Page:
Like the other boards in the Discovery family this has the STlinkV2 built-in to use as a programmer. We don’t know if OpenOCD has support for the F3 chipset yet, which is what we’ve been using to program STM chips in a Linux environment.
This 32-bit computer is a project [Bogdan Marinescu] built as a contest entry. Sadly he didn’t win, but he did do an excellent job of documenting the build. Having seen several other home built PC projects we’re familiar with the challenges that go into such a thing, and he found some great solutions to each of them.
He started with an STM32F103ZET6 chip. This is an ARM Cortex-M3 processor which brings a lot of power to the playing field. That being said, generating a VGA signal would pretty much zap the usefulness of the chip for other processes so he offloaded that work on a separate Propeller chip. A microSD card serves as storage for the machine, which runs eLua (embedded Lua programming language). There is 1 MB of external RAM and a PS/2 port for keyboard interface. The system is networked thanks to an ENC28J60 Ethernet controller. Don’t miss the video after the break where you can see several demos running on the system.
Continue reading “An STM32 processor powers this PC”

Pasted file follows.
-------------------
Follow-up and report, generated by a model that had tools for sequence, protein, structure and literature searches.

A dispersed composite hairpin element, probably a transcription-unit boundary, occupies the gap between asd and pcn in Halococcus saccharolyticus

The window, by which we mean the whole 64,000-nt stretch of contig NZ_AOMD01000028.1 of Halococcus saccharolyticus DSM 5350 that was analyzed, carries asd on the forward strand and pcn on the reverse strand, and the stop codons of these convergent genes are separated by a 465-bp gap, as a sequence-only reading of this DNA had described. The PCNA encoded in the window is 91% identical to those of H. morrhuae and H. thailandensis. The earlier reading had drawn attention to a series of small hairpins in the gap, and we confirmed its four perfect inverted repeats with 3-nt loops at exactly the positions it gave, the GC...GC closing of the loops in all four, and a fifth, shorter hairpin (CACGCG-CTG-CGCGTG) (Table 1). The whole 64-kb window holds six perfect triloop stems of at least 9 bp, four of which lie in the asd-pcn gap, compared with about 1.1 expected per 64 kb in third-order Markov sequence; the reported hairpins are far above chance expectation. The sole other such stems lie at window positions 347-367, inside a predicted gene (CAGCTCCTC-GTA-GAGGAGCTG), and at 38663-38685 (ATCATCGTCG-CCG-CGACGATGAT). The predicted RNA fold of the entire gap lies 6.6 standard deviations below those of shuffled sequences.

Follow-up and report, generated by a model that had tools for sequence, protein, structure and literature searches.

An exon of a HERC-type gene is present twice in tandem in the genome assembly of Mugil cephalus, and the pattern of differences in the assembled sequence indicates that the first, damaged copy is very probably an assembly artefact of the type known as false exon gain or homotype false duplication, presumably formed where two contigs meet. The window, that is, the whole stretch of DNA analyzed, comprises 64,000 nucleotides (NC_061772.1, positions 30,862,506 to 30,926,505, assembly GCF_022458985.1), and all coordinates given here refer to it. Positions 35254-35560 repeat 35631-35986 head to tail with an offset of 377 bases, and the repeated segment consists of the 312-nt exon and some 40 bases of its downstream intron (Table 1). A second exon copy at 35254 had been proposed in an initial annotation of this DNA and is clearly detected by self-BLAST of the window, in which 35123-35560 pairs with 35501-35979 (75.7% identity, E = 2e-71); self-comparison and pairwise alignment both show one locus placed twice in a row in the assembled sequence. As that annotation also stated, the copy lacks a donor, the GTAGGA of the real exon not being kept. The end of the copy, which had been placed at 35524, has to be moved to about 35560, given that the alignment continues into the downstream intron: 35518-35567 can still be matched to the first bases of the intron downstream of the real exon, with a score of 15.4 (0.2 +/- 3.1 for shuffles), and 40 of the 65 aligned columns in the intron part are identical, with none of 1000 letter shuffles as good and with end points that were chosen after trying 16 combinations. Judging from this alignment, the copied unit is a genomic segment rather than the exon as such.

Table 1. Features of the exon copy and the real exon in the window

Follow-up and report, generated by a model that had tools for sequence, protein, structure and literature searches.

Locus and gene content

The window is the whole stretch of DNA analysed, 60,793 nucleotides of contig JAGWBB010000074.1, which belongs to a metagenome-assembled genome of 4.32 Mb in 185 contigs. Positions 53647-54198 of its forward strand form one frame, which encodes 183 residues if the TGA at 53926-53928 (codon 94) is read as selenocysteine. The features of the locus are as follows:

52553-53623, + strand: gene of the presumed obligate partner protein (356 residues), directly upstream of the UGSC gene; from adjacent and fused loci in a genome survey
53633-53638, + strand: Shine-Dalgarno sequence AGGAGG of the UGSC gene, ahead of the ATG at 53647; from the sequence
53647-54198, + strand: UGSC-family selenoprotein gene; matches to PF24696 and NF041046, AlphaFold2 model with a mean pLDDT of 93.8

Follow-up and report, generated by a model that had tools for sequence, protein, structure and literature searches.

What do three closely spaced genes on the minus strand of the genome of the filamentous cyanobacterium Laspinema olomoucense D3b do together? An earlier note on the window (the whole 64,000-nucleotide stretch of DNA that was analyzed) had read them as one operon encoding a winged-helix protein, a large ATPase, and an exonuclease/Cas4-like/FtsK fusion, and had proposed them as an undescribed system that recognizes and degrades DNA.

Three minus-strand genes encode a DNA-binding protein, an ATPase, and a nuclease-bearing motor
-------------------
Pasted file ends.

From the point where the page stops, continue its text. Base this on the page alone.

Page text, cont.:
The Bus Pirate is a fantastic development tool. It does an amazing job at a lot of different things. And as it has matured, community support has driven it to new areas beyond the original design. This is where its hardware holds back performance a little bit. For instance, as an I2C or SPI sniffer it has limited capture speed. That’s the type of thing that this board could improve upon. It’s a debugging tool based on an STM32 F4 microcontroller. That’s an ARM Cortex-M4 chip which runs at 168 MHz, and has 192 KB of SRAM.
[TitanMKD] has been working on the design but it is still just in digital form. Since there’s no prototype there is also no firmware for the device. That’s a tall mountain to climb and it’s one of the reasons we’re featuring the project now. [Titan's] plan is to model this after the Bus Pirate interface. We think it’s a good idea since a lot of folks have already learned the syntax. We didn’t see a contact form on his site, but if you’re interested in contributing to the project you might want to leave a comment here or on his project page (linked above).